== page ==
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Ok to let Tennessee Walking Horse Pace?

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  • Ok to let Tennessee Walking Horse Pace?


    Hello,
    I've recently gotten back to riding after 15 years off. I rode Saddleseat for 10 years and then basic dressage for another 5 or so. Then I had a long time off and am now trying to get back into it. I've found a great barn in almost every way except its mainly western and I have no experience in this area. They have a wonderful, affordable shareboard program and I've recently started shareboarding a Tennessee Walking Horse. Her owner has no problem with me riding her English, and I'm just more comfortable riding this way (nothing against western, just what I'm used to) So, the mare is great and I love her, but I"m having a hard time with the gait. I can't seem to get her to gait and instead she is doing a pace. This is murder on my lower back, which is already in bad shape. Today I rode with her owner watching me and she tried to coach me into how to get her to gait, but she was just pacing. Then the owner got on her and she wouldn't gait for her either. So the owner told me that it would be fine for me to just ride her at the pace and post to it to save my back. I tried it and it seemed pretty fine - a little weird, but not too different from a trot. (this mare does not trot at all)
    So I thought that was that but I started researching a little tonight and I keep coming across things that say you should not let your horse pace, you should train the pace out of them, etc.. Even though the horse's owner (who is also the owner of the barn) came up with the idea of letting her pace and having me post to this, is this truly something I should not be doing? I've read a few things that say this can actually hurt the horse. I have no experience with gaited horses, so I am looking for opinions on this. Is it really ok to ride this mare at a pace and post to it like its a trot?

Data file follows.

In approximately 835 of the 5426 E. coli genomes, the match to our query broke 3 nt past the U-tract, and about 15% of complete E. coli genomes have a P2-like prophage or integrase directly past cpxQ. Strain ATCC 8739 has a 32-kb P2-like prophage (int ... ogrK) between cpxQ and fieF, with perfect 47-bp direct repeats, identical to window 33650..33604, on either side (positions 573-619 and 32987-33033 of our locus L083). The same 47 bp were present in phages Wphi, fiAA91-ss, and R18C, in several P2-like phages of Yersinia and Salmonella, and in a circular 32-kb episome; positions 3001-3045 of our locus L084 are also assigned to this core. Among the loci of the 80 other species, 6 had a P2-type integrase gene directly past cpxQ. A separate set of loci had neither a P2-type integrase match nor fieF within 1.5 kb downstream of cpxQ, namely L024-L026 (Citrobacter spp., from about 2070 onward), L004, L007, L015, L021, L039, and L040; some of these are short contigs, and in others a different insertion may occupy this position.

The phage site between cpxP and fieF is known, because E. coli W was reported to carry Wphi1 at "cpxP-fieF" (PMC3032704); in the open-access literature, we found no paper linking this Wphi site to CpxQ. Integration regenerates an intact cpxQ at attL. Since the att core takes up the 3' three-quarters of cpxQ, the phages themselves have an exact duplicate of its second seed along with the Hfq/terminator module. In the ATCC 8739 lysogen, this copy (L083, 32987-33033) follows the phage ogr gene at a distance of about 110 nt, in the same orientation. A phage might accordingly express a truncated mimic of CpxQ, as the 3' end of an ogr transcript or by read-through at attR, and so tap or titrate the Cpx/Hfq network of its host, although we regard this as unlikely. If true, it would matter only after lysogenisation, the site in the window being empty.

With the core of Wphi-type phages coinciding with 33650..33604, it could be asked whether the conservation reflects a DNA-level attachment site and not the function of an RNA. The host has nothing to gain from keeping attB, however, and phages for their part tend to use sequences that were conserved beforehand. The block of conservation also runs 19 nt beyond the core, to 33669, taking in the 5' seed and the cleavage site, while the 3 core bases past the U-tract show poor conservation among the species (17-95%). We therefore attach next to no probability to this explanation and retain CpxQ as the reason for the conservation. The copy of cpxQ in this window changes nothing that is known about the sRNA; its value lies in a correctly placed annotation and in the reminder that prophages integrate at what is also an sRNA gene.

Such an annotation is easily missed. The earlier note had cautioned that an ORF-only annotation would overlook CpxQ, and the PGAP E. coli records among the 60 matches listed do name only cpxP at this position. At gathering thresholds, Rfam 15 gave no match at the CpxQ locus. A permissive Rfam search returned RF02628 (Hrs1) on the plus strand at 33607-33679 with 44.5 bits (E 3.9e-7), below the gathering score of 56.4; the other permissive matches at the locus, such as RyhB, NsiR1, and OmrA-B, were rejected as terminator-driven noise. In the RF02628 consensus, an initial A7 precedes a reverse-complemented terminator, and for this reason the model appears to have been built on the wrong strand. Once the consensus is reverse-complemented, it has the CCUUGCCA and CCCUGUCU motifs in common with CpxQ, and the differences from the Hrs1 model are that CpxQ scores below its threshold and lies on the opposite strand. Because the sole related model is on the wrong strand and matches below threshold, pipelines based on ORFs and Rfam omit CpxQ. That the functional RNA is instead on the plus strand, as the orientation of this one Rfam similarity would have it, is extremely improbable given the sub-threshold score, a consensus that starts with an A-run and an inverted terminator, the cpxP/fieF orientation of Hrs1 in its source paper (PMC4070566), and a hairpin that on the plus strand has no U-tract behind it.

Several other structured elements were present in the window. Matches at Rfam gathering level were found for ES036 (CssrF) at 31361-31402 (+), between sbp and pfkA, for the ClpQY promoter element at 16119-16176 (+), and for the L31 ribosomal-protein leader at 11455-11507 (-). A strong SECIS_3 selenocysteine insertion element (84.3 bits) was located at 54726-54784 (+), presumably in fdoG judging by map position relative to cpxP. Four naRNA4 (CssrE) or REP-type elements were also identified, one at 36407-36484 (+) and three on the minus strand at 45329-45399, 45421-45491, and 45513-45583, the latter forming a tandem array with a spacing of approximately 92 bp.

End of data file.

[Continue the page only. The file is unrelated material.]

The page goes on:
• #2
    If the owner can't make her gait I doubt you can, bring new to all this. Does pacing hurt them? I know nothing about TNW but get to watch several STB. Pacing seems fine for the horse but horrible for the rider

    ​​

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    • #3
      You can train a pacer to move their way of going under saddle more to the center and break up that pace. But it's a long term project that's going to require some serious blanket wetting. Or, if you wan to do it fast, a farrier can alter the angle of the hoof to break up the pace. But that practice has the potential to inflict long term injury on the horse.

      Short solution to the problem: go find another horse or don't ride any faster than a walk.

      G.
      Mangalarga Marchador: Uma Raa, Uma Paixo

      Comment


      • #4
        I've ridden a Standardbred pacer at her racing speed and found it to be pretty comfortable. It never occurred to me that a gaited horse could be rough to ride?

        Comment


        • #5
          Yeah. I wouldn't let her pace--that is going to get her un-gaited. It would be best if she is ridden at gait rather than pace. There are some things that can be done to make is easier for her to gait; best bet would be to talk with a gaited trainer.

          Comment


          • #6
            Originally posted by RubyTuesday View Post
            I've ridden a Standardbred pacer at her racing speed and found it to be pretty comfortable. It never occurred to me that a gaited horse could be rough to ride?
            A true pace is two beat, lateral gait. The trot two-beat motion is vertical. The pace two-beat motion is lateral, i.e. rolling left to right and back. You can post the trot to absorb the movement. I not seen anyone who could effectively ride the true pace.